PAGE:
Sixteen years had Miss Taylor been in Mr. Woodhouse's family, less as a governess than a friend, very fond of both daughters, but particularly of Emma. Between them it was more the intimacy of sisters. Even before Miss Taylor had ceased to hold the nominal office of governess, the mildness of her temper had hardly allowed her to impose any restraint; and the shadow of authority being now long passed away, they had been living together as friend and friend very mutually attached, and Emma doing just what she liked; highly esteeming Miss Taylor's judgment, but directed chiefly by her own.

The real evils, indeed, of Emma's situation were the power of having rather too much her own way, and a disposition to think a little too well of herself; these were the disadvantages which threatened alloy to her many enjoyments. The danger, however, was at present so unperceived, that they did not by any means rank as misfortunes with her.

Sorrow came—a gentle sorrow—but not at all in the shape of any disagreeable consciousness. Miss Taylor married. It was Miss Taylor's loss which first brought grief. It was on the wedding-day of this beloved friend that Emma first sat in mournful thought of any continuance. The wedding over, and the bride-people gone, her father and herself were left to dine together, with no prospect of a third to cheer a long evening. Her father composed himself to sleep after dinner, as usual, and she had then only to sit and think of what she had lost.

The event had every promise of happiness for her friend. Mr. Weston was a man of unexceptionable character, easy fortune, suitable age, and pleasant manners; and there was some satisfaction in considering with what self-denying, generous friendship she had always wished and promoted the match; but it was a black morning's work for her. 

How was she to bear the change?—It was true that her friend was going only half a mile from them; but Emma was aware that great must be the difference between a Mrs. Weston, only half a mile from them, and a Miss Taylor in the house; and with all her advantages, natural and domestic, she was now in great danger of suffering from intellectual solitude. She dearly loved her father, but he was no companion for her. He could not meet her in conversation, rational or playful.

In stating in the sixth paragraph that “there was some satisfaction in considering with what self-denying, generous friendship she had always wished and promoted the match,” Emma is consoling herself in that __________.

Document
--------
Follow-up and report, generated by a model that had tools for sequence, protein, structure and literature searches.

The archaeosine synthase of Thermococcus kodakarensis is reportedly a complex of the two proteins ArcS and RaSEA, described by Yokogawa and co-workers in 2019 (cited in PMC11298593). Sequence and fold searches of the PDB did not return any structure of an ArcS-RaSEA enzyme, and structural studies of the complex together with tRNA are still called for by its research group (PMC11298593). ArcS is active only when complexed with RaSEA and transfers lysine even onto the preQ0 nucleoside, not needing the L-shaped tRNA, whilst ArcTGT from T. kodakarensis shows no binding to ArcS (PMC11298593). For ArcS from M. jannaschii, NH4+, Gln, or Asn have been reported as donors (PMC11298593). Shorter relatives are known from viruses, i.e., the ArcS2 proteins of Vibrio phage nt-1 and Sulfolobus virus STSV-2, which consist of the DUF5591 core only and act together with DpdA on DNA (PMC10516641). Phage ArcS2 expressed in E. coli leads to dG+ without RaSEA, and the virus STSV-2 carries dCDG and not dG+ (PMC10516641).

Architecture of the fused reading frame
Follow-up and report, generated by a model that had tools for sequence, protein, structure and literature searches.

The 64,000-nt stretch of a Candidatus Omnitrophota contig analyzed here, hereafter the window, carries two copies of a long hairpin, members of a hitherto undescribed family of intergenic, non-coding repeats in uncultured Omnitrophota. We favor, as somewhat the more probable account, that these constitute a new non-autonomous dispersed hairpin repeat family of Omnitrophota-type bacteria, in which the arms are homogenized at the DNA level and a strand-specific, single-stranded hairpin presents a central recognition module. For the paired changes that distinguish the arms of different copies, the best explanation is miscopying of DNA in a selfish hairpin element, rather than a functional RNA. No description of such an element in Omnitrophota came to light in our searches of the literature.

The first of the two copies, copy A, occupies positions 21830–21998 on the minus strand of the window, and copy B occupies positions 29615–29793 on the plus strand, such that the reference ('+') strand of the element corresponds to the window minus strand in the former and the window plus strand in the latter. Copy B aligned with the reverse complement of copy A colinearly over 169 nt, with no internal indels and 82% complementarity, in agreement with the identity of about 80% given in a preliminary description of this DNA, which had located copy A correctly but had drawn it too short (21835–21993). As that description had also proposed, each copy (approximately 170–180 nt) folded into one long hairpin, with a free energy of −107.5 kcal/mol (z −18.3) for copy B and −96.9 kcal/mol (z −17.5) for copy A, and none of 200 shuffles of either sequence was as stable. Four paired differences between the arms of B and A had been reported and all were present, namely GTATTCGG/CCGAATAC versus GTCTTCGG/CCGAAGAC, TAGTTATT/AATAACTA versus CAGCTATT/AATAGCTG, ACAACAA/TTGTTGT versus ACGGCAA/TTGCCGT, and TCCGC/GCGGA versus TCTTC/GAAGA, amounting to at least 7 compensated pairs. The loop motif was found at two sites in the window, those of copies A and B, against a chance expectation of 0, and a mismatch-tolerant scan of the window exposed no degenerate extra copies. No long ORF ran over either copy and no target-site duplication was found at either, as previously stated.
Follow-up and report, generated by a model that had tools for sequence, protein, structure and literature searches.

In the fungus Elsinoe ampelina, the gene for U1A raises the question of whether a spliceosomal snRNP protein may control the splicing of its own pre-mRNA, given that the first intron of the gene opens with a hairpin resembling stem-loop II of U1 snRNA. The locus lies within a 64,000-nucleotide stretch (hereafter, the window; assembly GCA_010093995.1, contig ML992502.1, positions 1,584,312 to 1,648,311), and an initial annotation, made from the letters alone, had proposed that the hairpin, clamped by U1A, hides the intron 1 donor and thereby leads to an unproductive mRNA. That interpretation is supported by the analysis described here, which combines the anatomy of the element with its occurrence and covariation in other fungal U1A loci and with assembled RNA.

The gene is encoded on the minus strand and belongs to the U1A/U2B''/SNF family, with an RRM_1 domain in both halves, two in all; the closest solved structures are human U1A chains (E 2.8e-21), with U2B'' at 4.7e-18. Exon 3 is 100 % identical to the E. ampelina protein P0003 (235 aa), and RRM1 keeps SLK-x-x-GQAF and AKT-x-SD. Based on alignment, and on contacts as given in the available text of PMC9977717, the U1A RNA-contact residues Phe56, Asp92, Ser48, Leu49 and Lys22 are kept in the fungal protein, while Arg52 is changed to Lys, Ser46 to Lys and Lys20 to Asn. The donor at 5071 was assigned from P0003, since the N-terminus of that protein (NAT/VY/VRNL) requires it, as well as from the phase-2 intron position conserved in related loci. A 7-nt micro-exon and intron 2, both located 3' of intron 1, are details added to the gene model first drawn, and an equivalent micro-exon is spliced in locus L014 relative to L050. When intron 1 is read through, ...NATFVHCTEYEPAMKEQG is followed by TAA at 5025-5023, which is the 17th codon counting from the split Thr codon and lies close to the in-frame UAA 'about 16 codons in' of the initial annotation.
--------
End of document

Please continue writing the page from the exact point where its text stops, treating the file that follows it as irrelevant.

Possible Answers:

Mr. Weston asked Emma for permission to marry Miss Taylor

she didn’t deign to talk to Mr. Weston at all

she discouraged Miss Taylor from accepting Mr. Weston’s offer of marriage

she warned Miss Taylor about Mr. Weston’s sordid past

she approved of Miss Taylor and Mr. Weston seeing each other

Correct answer:

she approved of Miss Taylor and Mr. Weston seeing each other

Explanation:

We are told that Emma “had always wished and promoted the match” between Miss Taylor and Mr. Weston; this tells us that she approved of their seeing each other. Nothing in the passage supports any of the other answer choices; Emma does not dislike Mr. Weston, but goes out of her way to praise his qualities in paragraph six, and nothing suggests he has a sordid past or that Mr. Weston asked Emma for permission to marry Miss Taylor.

Example Question #24 : Analyzing The Text In Literature Passages

Adapted from “The Tell-Tale Heart” in The Pioneer by Edgar Allan Poe (1843)

True!—nervous—very, very dreadfully nervous I had been and am, but why will you say that I am mad? The disease had sharpened my senses—not destroyed—not dulled them. Above all was the sense of hearing acute. I heard all things in the heaven and in the earth. I heard many things in hell. How, then, am I mad? Hearken! and observe how healthily—how calmly I can tell you the whole story.

It is impossible to say how first the idea entered my brain, but once conceived, it haunted me day and night. Object there was none. Passion there was none. I loved the old man. He had never wronged me. He had never given me insult. For his gold I had no desire. I think it was his eye! Yes, it was this! He had the eye of a vulture—a pale blue eye, with a film over it. Whenever it fell upon me, my blood ran cold; and so by degrees—very gradually—I made up my mind to take the life of the old man, and thus rid myself of the eye forever.